As our travels traversed through Northern India, we stopped in Jaipur for a day while staying north of the country in Delhi. Jaipur is the capital of Rajasthan state in India, and founded by Rajputs during the 12th century CE. Rajput refers to sons of princes.
Jaipur has over 3 million inhabitants, and is a major producer of millet, barley, chickpeas, and cotton. As a commercial trade centre, their major industries include engineering and metalwork, and are known for their arts and crafts in jewelry, printed cloths, and ivory carvings. This makes Jaipur an excellent destination for souvenir shopping.
It is a city mixed with both Hindu and Muslim populations. Much of the city has a rosy hue to its buildings, therefore dubbed the “Pink City”.
At our arrival, on our way to the town of Amer to see the Amber Palace, the streets of Jaipur flooded with tall beautiful elephants marching in a line. Their faces and trunks were painted, and they wore colorful cloths over their backs. These majestic and peaceful creatures walked slowly up the hill towards the Amber Palace alongside us, their wide rounded feet crushing the pavement, eyes cast down hidden under hooded eyelids, and the sun behind the smog of the Indian sky casting shadows on the thick wrinkles of their tough skin.
Amber Palace and Fort
Amer Palace or Amber Palace is a fort, and part of the Rajput fortress. Amber Fort is a small town built on a hilltop surrounding the palace to protect the royals who used to reside there. The fort is incredibly grand, and offers a stunning view of the city from above.
The fort is the ancient citadel of the Kachwaha Rajputs, and is fortified with defence from the elevation. The Kachwaha were warrior rulers, and Amer used to be their capital state during the 12th century, continuing for 600 years after. In 1728 the capital of Rajasthan was transferred to Jaipur.
Within these walls was a major urban centre, with temples, palaces, and trading centres. Some of these buildings have stayed intact. Below, lies the Maotha Lake. Certain areas of the walls of the fort can be seen along the snaking mountainside, similar to the Great Wall of China.
Built during the 16th century, the surrounding fort is made of red sandstone and marble, similar materials used to build the Taj Mahal and its mosques, meaning that this fort was inspired by Mughal architecture which blends Indian, Persian, and Islamic styles. Certain parts of the fort are made of yellow sandstone.
The elephants we saw marching down the streets offered rides up the hill to the fort. Due to the mistreatment of the elephants we chose not to ride one, but gushed at their beauty from afar.
Along Hawa Mahal Road, it is impossible not to drop your jaws looking up at the marvelous facade of Hawa Mahal in Jaipur’s city centre. Built in 1799 by Maharajah Sawai Pratap Singh, a member of the Kachwaha Rajput dynasty, Hawa Mahal is made of red and pink sandstone. Hawa Mahal means “palace of the winds”.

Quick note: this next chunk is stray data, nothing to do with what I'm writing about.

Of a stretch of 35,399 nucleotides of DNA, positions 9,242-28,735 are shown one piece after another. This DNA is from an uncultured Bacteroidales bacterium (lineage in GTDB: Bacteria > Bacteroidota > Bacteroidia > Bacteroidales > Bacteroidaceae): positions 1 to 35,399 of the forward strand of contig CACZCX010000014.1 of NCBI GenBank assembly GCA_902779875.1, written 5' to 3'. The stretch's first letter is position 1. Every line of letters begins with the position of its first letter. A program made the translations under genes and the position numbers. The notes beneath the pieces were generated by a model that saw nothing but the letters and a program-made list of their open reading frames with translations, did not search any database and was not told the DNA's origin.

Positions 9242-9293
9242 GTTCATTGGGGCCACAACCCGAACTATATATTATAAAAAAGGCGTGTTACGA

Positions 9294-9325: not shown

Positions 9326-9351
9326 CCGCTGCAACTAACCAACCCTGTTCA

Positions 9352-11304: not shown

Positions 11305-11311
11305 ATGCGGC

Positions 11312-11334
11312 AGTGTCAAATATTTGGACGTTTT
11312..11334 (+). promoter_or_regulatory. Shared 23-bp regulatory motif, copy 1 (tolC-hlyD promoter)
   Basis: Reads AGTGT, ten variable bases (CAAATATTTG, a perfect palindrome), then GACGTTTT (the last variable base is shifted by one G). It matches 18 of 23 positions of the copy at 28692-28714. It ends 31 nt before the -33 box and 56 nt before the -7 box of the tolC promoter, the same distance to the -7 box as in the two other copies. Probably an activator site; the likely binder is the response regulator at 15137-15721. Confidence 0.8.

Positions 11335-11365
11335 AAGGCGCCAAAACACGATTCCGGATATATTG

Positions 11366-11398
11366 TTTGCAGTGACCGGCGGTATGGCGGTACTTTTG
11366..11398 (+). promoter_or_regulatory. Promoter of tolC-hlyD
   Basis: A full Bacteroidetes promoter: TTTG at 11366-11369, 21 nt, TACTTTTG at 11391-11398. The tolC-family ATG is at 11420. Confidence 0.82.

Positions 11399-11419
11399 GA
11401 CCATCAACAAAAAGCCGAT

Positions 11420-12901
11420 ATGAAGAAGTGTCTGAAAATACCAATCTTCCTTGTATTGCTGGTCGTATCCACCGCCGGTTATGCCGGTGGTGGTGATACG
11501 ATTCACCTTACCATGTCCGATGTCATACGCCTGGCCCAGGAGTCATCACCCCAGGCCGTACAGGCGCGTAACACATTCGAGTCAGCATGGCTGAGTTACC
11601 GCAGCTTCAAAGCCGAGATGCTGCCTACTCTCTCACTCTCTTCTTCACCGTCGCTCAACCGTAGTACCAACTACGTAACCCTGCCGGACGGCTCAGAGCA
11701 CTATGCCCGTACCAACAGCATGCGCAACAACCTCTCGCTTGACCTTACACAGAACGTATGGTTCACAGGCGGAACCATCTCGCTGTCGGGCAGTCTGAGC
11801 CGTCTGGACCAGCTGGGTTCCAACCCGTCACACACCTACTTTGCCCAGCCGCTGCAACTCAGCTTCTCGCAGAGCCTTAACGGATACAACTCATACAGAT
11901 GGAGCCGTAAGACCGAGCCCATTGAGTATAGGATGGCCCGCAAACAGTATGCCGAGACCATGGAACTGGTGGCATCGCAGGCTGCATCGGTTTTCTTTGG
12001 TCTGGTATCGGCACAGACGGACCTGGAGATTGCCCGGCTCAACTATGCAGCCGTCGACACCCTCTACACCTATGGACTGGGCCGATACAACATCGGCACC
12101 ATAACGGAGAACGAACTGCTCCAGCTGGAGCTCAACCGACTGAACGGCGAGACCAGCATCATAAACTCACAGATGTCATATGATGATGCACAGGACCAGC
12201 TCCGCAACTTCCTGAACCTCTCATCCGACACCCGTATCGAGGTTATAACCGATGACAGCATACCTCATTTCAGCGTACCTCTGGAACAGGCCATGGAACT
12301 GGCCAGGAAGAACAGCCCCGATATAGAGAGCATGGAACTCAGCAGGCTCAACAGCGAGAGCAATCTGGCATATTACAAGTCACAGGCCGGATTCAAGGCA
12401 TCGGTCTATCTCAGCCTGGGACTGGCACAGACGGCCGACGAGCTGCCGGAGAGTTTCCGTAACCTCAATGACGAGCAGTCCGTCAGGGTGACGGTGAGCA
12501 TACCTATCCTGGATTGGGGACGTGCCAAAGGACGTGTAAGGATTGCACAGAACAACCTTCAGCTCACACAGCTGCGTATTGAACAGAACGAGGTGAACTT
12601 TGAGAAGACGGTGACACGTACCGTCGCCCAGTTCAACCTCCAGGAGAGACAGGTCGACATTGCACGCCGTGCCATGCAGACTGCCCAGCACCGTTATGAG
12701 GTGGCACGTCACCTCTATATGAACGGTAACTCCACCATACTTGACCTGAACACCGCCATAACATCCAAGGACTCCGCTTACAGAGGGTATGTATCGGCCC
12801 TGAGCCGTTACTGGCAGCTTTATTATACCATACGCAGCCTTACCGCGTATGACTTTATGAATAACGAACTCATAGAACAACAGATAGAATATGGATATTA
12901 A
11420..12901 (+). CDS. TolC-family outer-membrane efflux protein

From the top of the five-storey structure you can gaze upon the bustling urban life of Jaipur below. The front of the structure looks upon the streets of the city through its many open windows of Jharokhas, which are overhanging enclosed balconies. Hawa Mahal has 953 of them, resembling hundreds of little eyes. The windows are decorated with a lattice design.
The palace was initially built for royal women to enjoy the revelry of events and festivals occurring on the streets in the evening, while safely hidden away from public view. This is because at the time they had to follow the strict customs of the Purdah system. This religious and social system excludes women physically from certain areas or events, or requires women to fully cover their skin and form.
The building was built to resemble the shape of Lord Krishna’s crown. The structure is a testament to the creativity and brilliance of Rajput architecture.
Jal Mahal is a water palace serenely floating at the centre of the Man Sagar Lake, south of the Amber Palace. The symmetrical building also brings to mind the style of the Taj Mahal with four minarets at each corner. On the top of the building is a beautiful garden of trees decorating the terrace. The desert hue of the palace against a backdrop of mountains and the water provides a romantic view, especially at night when the palace is lit up.
Shopping for Shawls & Scarves
Near Hawa Mahal road in the city centre, is the Tripolia Bazaar where you can feast on colourfully decadent souvenirs. This bazaar sells scarves, leather bags, shawls, sari’s, various textiles, carpets, and bangles or jewelry. In addition, the streets of Hawa mahal road is also lined with markets.
We spent a couple of hours looking for scarves for our family and friends. It is important to haggle because the price the vendor starts with is generally overpriced. It takes practice and confidence to haggle. Remember, you can find a better price elsewhere, because there are many vendors around, and each of them are selling either the exact same product or a variant of it.
Although, keep in mind to be respectful since the game of haggling is meant to be an expert dance of negotiation, and not a cruel attempt at stealing.
Our day was too short in Jaipur. There are many beautiful wonders the Pink City has to offer, so if you get a chance, stay awhile.
Copyright © Beyond Here 2020
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